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Global health spending under pressure of U.S. debt
Posted by Kristi Heim
It's a glass half empty or half full kind of question.
On the one hand, the worst economic crisis in recent memory hasn't quelled generous government and private donors from giving record amounts to improve global health.
On the other hand, that growth in funding is beginning to taper off, cut by more than half between 2008 and 2010.
After jumping 375 percent over the last 20 years, from $5.66 billion to $26.87 billion, the growth slowed to just 6 percent in the last two years.
That trend provides a glimpse of what the future could hold, says Christopher Murray, director of the Institute for Health Metrics and Evaluation (IHME) at the University of Washington. The institute analyzed total health funding from aid agencies and governments in 23 countries, institutions such as the World Health Organization, and hundreds of nonprofit groups and charities and released this report today on the findings.
"Everyone in the global health community is worried about how the economic crisis is going to affect giving," he said.
The main channels of funding are the Global Fund to Fight AIDS, Tuberculosis and Malaria, the Global Alliance for Vaccines and Immunization (GAVI), and the governments of the United States and the United Kingdom.
The U.S. government is the largest single contributor of global health funding, much of which is channeled through nonprofits or non-governmental organizations (NGOs).
Beginning in 2004, the U.S. government and private donors increased spending by double digits each year to a total of almost $12 billion in 2008, about half of all health assistance to developing countries, according to the report.
"What the U.S. government does, as well as philanthropy and NGOs, makes a huge difference to the trajectory," Murray said.
It also makes a big difference in places such as Seattle, where global health research and other programs have grown, fueled largely by the Gates Foundation but also government agencies such as USAID. (The Gates Foundation's chunk of the funding is pictured above in dark green, abbreviated as BMGF.)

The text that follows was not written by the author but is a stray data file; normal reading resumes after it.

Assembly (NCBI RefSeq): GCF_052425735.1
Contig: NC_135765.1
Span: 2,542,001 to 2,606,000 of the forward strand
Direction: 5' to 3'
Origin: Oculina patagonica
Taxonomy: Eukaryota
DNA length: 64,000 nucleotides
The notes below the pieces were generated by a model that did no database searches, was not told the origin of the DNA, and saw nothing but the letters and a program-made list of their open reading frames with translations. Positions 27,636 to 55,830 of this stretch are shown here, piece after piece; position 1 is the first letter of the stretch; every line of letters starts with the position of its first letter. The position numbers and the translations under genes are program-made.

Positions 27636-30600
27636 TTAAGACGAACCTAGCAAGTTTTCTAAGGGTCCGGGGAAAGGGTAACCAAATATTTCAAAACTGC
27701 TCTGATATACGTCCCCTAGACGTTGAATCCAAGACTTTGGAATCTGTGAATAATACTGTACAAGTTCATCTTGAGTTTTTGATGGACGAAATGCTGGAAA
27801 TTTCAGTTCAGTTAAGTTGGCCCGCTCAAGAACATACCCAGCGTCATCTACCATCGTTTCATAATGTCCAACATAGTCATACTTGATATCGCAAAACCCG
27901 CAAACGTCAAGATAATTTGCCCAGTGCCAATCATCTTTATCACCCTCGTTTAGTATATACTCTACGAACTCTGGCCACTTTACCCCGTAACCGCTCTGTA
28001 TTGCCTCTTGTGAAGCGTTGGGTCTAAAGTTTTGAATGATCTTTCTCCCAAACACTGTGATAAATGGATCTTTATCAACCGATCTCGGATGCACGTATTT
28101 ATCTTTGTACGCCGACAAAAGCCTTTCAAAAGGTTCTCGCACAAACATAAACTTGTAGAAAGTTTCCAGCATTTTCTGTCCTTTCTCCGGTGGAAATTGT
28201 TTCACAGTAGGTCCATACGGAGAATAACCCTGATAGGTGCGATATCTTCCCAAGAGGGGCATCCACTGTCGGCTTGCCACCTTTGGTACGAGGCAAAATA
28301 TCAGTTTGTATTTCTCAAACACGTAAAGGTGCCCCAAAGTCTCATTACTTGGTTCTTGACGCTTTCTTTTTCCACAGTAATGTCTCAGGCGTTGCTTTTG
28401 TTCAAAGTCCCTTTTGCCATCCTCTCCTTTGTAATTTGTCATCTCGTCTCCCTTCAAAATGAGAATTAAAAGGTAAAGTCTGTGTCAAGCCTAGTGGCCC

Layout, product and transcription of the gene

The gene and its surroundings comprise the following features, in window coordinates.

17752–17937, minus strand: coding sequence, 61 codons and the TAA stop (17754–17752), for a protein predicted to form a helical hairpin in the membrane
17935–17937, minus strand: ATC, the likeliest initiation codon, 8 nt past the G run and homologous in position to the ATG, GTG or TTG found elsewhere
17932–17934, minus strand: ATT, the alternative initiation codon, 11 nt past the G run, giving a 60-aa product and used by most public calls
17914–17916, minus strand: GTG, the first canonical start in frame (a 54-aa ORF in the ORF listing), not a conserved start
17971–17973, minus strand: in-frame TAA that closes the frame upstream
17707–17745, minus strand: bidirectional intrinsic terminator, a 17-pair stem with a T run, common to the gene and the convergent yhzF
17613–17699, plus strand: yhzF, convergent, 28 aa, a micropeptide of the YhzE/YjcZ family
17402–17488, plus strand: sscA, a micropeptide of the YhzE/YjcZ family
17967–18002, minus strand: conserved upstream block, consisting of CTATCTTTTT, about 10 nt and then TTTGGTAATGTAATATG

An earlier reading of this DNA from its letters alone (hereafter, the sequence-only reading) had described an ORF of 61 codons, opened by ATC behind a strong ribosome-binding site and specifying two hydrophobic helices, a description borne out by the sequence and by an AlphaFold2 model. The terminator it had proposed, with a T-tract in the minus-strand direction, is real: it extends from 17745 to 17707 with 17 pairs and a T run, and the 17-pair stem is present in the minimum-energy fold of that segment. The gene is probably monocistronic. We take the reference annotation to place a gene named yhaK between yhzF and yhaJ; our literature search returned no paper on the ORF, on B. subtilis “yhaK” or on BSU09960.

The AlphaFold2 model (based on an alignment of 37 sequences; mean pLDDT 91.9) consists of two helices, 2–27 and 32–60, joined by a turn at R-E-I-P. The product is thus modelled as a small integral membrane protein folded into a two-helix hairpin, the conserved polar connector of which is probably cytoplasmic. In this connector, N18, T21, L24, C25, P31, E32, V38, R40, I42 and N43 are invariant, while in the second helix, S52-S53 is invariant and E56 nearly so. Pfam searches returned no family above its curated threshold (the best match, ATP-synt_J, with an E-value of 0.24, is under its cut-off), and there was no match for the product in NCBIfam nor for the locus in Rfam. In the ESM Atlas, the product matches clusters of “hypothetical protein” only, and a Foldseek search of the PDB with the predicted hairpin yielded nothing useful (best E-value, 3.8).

Private donors, including individuals and foundations, gave $1.16 billion in cash to NGOs in 2008. Corporations also donated almost $600 million.
The money from private donors dropped by 33 percent in the last two years, while corporate donations fell by 59 percent.
As their donations and investments shrank, funding through U.S. charities to health programs overseas dropped from a high of $3.1 billion in 2008 to $2.16 billion this year.
A recovery in the stock market and increase in the value of foundation investments will help bring back private money into global health, Murray said.
But with mounting debt, pressure to reduce budgets in the U.S. and other donor countries will be intense.
"Even in a scenario where we see a reasonably strong economic recovery, there's going to be pressure for a number of years on governments to reduce their debt to GDP ratio," Murray said.
Thomas Tighe, chief executive of Direct Relief International, said it remains to be seen how the enhanced pressure to reduce deficit spending in the U.S. will affect global health financing.
Tighe, who served as chief of staff and chief operating officer of the Peace Corps from
1995 to 2000, said one "clear imperative of flattening of global health expenditures is an increasing premium on execution with existing resources."
In other words, he said, "if the past 10 years have been a global attempt to "do more with more" to address pressing health challenges in developing countries, the next several may be "do more with the same."
What's missing from the IMHE report "is the equally important concept of what the expenditures have bought and whether there has been good health value for the dollars spent," he added.
HIV/AIDS receives the most funding of any health area, according to the study. Funding for maternal, newborn, and child health received about half as much as HIV/AIDS through 2008.
But many competing needs vie for support, and balancing all of them is becoming harder.
"More than 300,000 mothers still die every year, and more than 7 million children die before the age of 5," Murray said.
The intensified focus on maternal, newborn, and child health, chronic diseases like cancer and heart disease, and support for health infrastructure "is likely to magnify the competition for limited resources and exacerbate the effects of any downturn in aid," the report said.
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